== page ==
In various embodiments of the present invention, the reference pattern can be, but is not limited to, a printed media servo pattern, or a spiral pattern. The spiral pattern is discussed in details in U.S. Pat. No. 5,668,679 entitled “System for Self-Servowriting a Disk Drive”, by Paul A Swearingen, et al, filed Dec. 21, 1995. The printed media servo pattern will be utilized to illustrate the present invention in the following discussions.

In a drive system that can be used in accordance with embodiments of the present invention, a surface of a magnetic disk 500 can contain a printed magnetic pattern 502. That magnetic disk can be placed in a drive that may contain other magnetic disks 504, 506 in a disk stack, such as the example stack shown in FIG. 5. The surface of the disk 500 having the printed magnetic pattern 502 can be used as a reference to replicate the printed pattern 502 to any other disk surface in the drive. The printed pattern can be used as a reference for information such as timing information, circumferential position information, and/or radial position information for the disk. The use of a printed media pattern as a reference pattern can allow for a reasonable reduction in any repeatable runout written to the reference pattern by reading the printed signal pattern, perhaps over a number of revolutions at each radial location, and calculating the runout. The drive system can then adjust the read/write head position to compensate for the perceived PES obtained from the reference surface in order to effectively remove the runout when replicating the servo pattern. In some embodiments the runout may not be completely removed, but may be adjusted or modified to a pre-determined amount and/or pattern. Note however that it is not necessary for the printed surface to be at one end or the other of the disk-stack as shown in FIG. 5. In fact, it may be desirable to place the printed surface near to the middle of the stack in order to minimize the maximum offset between the head-radius on the reference-surface and that on other surfaces (due to, for example, tilt and other factors). The same applies to FIG. 10 discussed later.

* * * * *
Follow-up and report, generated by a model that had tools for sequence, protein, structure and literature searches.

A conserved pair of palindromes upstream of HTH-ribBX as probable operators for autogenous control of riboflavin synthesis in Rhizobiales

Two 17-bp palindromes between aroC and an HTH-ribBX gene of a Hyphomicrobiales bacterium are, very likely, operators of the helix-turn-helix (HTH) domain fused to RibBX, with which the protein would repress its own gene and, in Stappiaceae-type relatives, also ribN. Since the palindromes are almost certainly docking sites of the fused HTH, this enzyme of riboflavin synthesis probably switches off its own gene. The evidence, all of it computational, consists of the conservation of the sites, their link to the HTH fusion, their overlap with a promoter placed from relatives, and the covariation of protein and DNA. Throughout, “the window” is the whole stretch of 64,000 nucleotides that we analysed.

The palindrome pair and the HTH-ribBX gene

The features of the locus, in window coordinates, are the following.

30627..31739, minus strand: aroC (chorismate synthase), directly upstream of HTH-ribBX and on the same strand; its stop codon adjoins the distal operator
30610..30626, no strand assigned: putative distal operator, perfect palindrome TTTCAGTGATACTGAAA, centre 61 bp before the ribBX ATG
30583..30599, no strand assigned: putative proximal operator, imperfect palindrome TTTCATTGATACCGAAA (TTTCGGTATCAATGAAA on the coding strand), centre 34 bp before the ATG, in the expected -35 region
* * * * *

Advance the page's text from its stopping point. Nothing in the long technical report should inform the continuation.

FIG. 6 shows an exemplary printed signal pattern that can be used in accordance with embodiments of the present invention, such as in the exemplary disk stack of FIG. 5. The pattern may include one or more servo wedges, and FIG. 6 shows a reference signal for servo information corresponding to a servo wedge 602 on a disk 600. The signal is shown in a variety of formats. An expanded view 604 of the exemplary magnetization pattern is shown including information for the wedge 602, followed by a signal 606 that could be generated by reading the pattern for the wedge 602. As shown in the Figure, the printed signal pattern contains a preamble, followed by a servo address mark (SAM), and then an Index-mark. Following the Index-mark is a pattern portion referred to as a “zig,” a portion referred to as a “zag,” and a timing burst.

FIG. 7 shows a close-up view of an exemplary “zag” phase burst 700. On a local scale, a read element may pass horizontally (in the Figure) across the burst 700. A read/write channel can read such a burst and return both a sine or “real” value 702 and a cosine or “imaginary” value 704. The phase of the burst can then be calculated as:

Phase = arctan ( sin ϕ cos ϕ )